Friday, 8 August 2014

Family Court 101 - For Novices

 Family Court - 311 Jarvis St - "The House of Broken Loves"

Having survived (more or less) my first experience with Family Court I thought I'd pass on to you in the Blogsphere some of the things I have learned in the past six months.

  •  Research at your local law library. According to the Ontario Court of Justice website,  Pro Se's (what the legal profession calls us 'unrepresented folks') are supposed to know as much as lawyers about the law and legal procedure, but of course that's ridiculous. Nevertheless, as a Pro Se you need to do your research into:
    • Family Law
    • Court procedures
    • Any papers or articles written by the opposing lawyer or your case judge
    • Any legal precedents that might help or hurt your case
  • In Toronto, the place to visit is University of Toronto's, Bora Laskin Law Library at 95 Charles St. West. The folks there are very helpful and patient. And it's free. Check their website for hours as they change throughout the school year. 
  • I left sharp implements such as my trusty and constant companion Swiss Army Knife at home. The Security Guards at the door would not only confiscate it but likely think less of me for setting off their metal detector. Why do I go everywhere with my SAK? Well you never can tell when may need a Robertson head screwdriver, fish de-scaling knife, or small saw for cutting down trees.
  • You can find all the forms you need on this website . Download the forms as Word documents and fill them in on your computer, or download them as PDF's then fill them out by hand.
  • No one is obligated to help you fill out the forms (some of which are bewildering) but you may find a Advice Lawyer willing to give you a tip or two.
  • And speaking of Advice Lawyers. The courthouse has one Advice Lawyer who does just that - give advice. Unfortunately, of the perhaps 15 to 20 Advice Lawyers I have spoken to (I needed a lot of advice) only a handful were helpful and quite a few were condescending, vague, impatient or all three. Just one, the only Black lawyer in the lot, was amazingly helpful and, as it turned out, correct.  Nevertheless, never act on the advice of a single Advice Lawyer. Come back the next day (they change every day) and ask another Advice Lawyer.
  • The Court Clerks (windows 1-6) are your only friends in the House of Broken Loves. They are patient, and understanding and often give better advice than the Advice Lawyer.
  • A motion (to do something - Form 14) always requires a affidavit (Form 14A), which is a document that lays out the reasons why you want to do it.
  • Form 14A must be signed and stamped by the Court Clerk before you fax it to the opposing lawyer. Then bring the 14 and 14A back to the Court Clerk - along with a Form 6A - and the fax verification sheet - and the Clerk will enter it into your file. The 6A is just a form in which you indicate how you served the opposing lawyer with your Form 14 (mail, courier, fax). You must swear before the Clerk that you did in fact do what you said you did.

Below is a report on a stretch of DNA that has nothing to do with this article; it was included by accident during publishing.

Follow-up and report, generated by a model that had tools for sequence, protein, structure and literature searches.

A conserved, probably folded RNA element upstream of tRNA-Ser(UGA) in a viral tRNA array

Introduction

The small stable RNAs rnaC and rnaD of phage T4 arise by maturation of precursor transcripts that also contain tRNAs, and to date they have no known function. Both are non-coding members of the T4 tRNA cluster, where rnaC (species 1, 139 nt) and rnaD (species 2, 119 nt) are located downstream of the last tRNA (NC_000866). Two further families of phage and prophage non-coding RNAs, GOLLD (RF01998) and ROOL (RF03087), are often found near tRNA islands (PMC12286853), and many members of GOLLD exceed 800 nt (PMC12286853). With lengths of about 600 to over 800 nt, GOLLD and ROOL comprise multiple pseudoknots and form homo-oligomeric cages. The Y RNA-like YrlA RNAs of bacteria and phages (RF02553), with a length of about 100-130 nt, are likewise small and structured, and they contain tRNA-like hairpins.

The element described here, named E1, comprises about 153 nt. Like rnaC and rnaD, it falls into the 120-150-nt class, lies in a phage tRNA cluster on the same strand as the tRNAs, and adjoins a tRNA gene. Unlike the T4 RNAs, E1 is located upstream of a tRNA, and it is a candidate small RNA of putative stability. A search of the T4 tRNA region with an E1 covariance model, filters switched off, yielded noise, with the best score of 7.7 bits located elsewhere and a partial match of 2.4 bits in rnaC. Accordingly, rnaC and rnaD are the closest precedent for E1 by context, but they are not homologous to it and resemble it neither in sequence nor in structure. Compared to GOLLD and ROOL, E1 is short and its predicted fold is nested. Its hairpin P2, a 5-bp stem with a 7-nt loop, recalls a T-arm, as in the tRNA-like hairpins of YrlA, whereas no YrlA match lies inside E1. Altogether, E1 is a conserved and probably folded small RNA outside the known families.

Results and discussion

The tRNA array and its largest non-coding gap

• Also, when  faxing documents, check the confirmation sheet to ensure that it went to the correct phone number... Just in case you or the store clerk mis-dialed.
  • Oh, and on the subject of 'transmission'... never email an important communication or document because you have no evidence that the other side received it. Emails get lost or deleted or fail to send. Instead, always fax documents and keep the confirmation sheet that verifies successful transmission or use Registered Mail and pay for 'signature required'
  • Never sign anything the opposing lawyer sends you without checking first with two different Advice Lawyers.
  • Expect the opposing lawyer to pull every dirty trick in the book and then some.
  • Don't be intimidated by the reams of documents that the opposing lawyer creates - they are just trying to justify their over-billing.
  • Guys beware, her lawyer will try to portray you to the judge, as they do every other male, as a violent, angry abuser - and it will work. Sitting in the spectator section during other people's cases I have seen this time and time again. 
  • Having said that guys, never show your anger in court - even as you are getting screwed - it just reinforces a male stereotype.
  • Women and men alike - Never let the opposition or the judge see you bleed or even get a whiff of your blood.
  • Women and men alike - keep your answers short and always address the judge as 'Your Honour'
  • If the judge is seated as you enter the courtroom - bow to the judge after you step through the door and bow when you exit the courtroom.
  • The opposition lawyer will print out and submit to the court every one of your emails so be careful what you say.
  • Write down anything mildly or wildly objectionable that the lawyer or judge says or does... You may want to made that incident or words part of a motion later.
  • I recommend sitting in on other people's case conferences and trials so that you become more acquainted with the process and language. All case conferences and trials are open to the public unless there is a "Closed" sign on the door (because they involve child custody or sensitive material). 
Oh... and one more thing... No one will tells you this because you have to find out for yourself...

"In the House of Broken Loves, only the lawyers win."

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